Hiroki Kuroda’s Case for the Cy Young Award

When it comes to thinking about the best pitchers in the American League this year, the names that jump out to most might be along these lines: Felix Hernandez (always awesome and having one of his better seasons), Max Scherzer and Anibal Sanchez (two non-Verlander Tigers having big years), Yu Darvish (strikeout machine), Chris Sale (great pitcher on a bad team), and Derek Holland (finally living up to his stuff in a hitter’s park). One pitcher that would probably come up less frequently is Hiroki Kuroda. He probably would not be totally ignored (especially by Yankees fans), but he has flown somewhat under the radar (has never made an All-Star game) for whatever reasons, some having to do the nature of his performance, some not.

External factors aside, an examination of Kuroda’s 2013 performance shows why he might not get as much attention for the year-end awards, but a deeper look also reveals his worthiness.

Since you are reading FanGraphs, you probably already know that at the moment, Hernandez leads American League pitchers in Wins Above Replacement (4.8), closely followed by Scherzer and Holland (4.5 each). Kuroda is currently a distant eighth at 3.2 WAR. While WAR is not the sort of metric where one should quibble over half of win, Kuroda is not just a half-win away — he is closer to two wins away from the leader.

FanGraphs’ implementation of WAR for pitchers uses a version of FIP as the basis for pitcher value. However, if one looks at WAR based on straightforward Runs Allowed (RA9-WAR), Kuroda leads the league at 5.3, just edging out Hernandez (5.1) and Bartolo Colon (5.0). As just said above, the difference between 5.3 and 5.0 really is not decisive, but in terms of RA9-WAR, Kuroda has been just as valuable as Hernandez this year, which certainly would put him into consideration for the Cy Young.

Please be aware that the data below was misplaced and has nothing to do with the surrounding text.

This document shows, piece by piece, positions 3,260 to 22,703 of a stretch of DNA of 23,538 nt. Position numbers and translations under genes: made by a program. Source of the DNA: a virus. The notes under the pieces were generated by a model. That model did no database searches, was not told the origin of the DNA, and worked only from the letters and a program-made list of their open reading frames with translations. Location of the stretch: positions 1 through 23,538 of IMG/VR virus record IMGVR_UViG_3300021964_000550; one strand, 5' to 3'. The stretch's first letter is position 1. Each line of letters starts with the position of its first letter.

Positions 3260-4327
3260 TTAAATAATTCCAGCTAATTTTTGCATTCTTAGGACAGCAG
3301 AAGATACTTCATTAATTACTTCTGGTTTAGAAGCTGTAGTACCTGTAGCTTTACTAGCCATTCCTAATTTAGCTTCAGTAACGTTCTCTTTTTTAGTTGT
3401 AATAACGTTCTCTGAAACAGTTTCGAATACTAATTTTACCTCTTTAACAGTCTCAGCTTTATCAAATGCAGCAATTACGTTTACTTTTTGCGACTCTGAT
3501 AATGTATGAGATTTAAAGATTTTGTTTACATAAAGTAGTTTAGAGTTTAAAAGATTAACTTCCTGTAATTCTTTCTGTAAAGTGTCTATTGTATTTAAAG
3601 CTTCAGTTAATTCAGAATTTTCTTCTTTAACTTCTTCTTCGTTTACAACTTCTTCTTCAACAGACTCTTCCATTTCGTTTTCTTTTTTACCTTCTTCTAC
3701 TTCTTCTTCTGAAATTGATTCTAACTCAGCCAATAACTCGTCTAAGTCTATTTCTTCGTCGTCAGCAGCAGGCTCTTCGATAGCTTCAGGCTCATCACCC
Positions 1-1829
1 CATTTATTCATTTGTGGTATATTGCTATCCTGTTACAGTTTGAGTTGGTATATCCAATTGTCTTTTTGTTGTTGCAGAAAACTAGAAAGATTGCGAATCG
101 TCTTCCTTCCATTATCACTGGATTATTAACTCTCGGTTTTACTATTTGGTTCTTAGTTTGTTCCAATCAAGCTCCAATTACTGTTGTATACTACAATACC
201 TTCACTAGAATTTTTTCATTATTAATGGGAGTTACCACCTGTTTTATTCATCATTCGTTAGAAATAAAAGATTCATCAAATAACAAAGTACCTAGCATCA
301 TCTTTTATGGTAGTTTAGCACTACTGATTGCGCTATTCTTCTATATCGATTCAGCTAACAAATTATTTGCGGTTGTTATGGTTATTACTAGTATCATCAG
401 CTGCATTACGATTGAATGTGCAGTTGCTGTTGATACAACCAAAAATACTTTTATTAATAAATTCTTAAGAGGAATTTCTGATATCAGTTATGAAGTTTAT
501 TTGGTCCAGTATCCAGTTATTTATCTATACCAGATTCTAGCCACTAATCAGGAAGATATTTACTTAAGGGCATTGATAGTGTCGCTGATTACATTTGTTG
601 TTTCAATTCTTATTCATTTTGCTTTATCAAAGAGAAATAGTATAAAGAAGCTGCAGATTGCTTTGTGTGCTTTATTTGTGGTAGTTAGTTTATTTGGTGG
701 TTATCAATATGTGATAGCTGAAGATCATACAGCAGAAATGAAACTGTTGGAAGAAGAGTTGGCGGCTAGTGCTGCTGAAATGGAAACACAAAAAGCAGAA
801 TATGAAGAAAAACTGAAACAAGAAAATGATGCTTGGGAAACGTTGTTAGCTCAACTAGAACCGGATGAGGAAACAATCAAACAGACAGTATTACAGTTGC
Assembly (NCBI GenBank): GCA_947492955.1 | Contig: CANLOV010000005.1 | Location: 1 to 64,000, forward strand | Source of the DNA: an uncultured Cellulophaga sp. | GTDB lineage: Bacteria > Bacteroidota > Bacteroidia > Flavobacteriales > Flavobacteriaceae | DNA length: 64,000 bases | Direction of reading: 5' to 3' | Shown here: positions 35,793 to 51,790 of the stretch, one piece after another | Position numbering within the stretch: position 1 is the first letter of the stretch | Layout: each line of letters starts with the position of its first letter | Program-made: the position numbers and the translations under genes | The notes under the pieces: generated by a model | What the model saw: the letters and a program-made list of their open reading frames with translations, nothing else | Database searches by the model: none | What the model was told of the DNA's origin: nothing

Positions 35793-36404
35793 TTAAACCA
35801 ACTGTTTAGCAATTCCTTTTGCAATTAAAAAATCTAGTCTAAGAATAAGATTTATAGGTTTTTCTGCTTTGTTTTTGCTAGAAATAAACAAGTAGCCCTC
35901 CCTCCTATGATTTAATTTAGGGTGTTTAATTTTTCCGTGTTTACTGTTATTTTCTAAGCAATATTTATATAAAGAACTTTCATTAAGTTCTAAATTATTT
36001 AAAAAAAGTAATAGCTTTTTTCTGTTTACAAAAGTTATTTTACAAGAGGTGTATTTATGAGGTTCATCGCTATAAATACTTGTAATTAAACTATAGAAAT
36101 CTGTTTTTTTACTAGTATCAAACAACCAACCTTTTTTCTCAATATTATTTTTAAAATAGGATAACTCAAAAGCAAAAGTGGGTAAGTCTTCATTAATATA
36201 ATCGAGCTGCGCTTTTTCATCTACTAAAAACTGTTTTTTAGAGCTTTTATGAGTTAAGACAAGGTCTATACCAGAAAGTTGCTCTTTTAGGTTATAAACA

Some will argue that RA should be used for WAR and stuff like determining awards anyway. That is longstanding debate, and I will not address that here. My argument here will be that Kuroda has a case for Cy Young consideration (assuming his performance thus far continues) even if one does accept that FanGraphs WAR for starting pitchers is the right way to go.

Most of those (myself included) who believe that a DIPS-based metric is best for pitching realize metrics like FIP have limitations. Knuckleballers, for example, tend to be exceptions to the persuppositions of defense- and batted ball-independent metrics. Even for non-knuckleballers, as their career grows longer (I have seen this as anywhere from three full seasons of starting to 1000 innings), RA becomes a better guide to their value. While stats like BABIP and strand rate may not relate to true talent in small (even one full year) samples like strikeout and walk rate, this is not to say that they represent no skill. There is less variation in skill among the population for those metrics, but that does not rule out any variation at all. It simply takes a larger (often much larger) sample to get an idea of which players stand out. (This works out differently for various metrics, but I will not get into those details here.)

While this relates to “true talent” as opposed to observed performance, it is not quite the same. When we fans gets into debates about, e.g., “who was the AL’s most valuable pitcher in 2013,” we are not talking about talent, we are talking about observed performance. The problem is that we often have trouble, particularly with pitchers, in figuring out which parts of players true performances should be credited to them.

If Kuroda was a one-year wonder when it came to outpitching his peripherals, I would probably not give him much thought. But as in my Phil Birnbaum-inspired discussion from last year of Clayton Kershaw and R.A. Dickey, we can use past performance to get an idea of how much we might credit stuff like BABIP to a pitcher’s observed skill as opposed to random variation (also known as “luck”).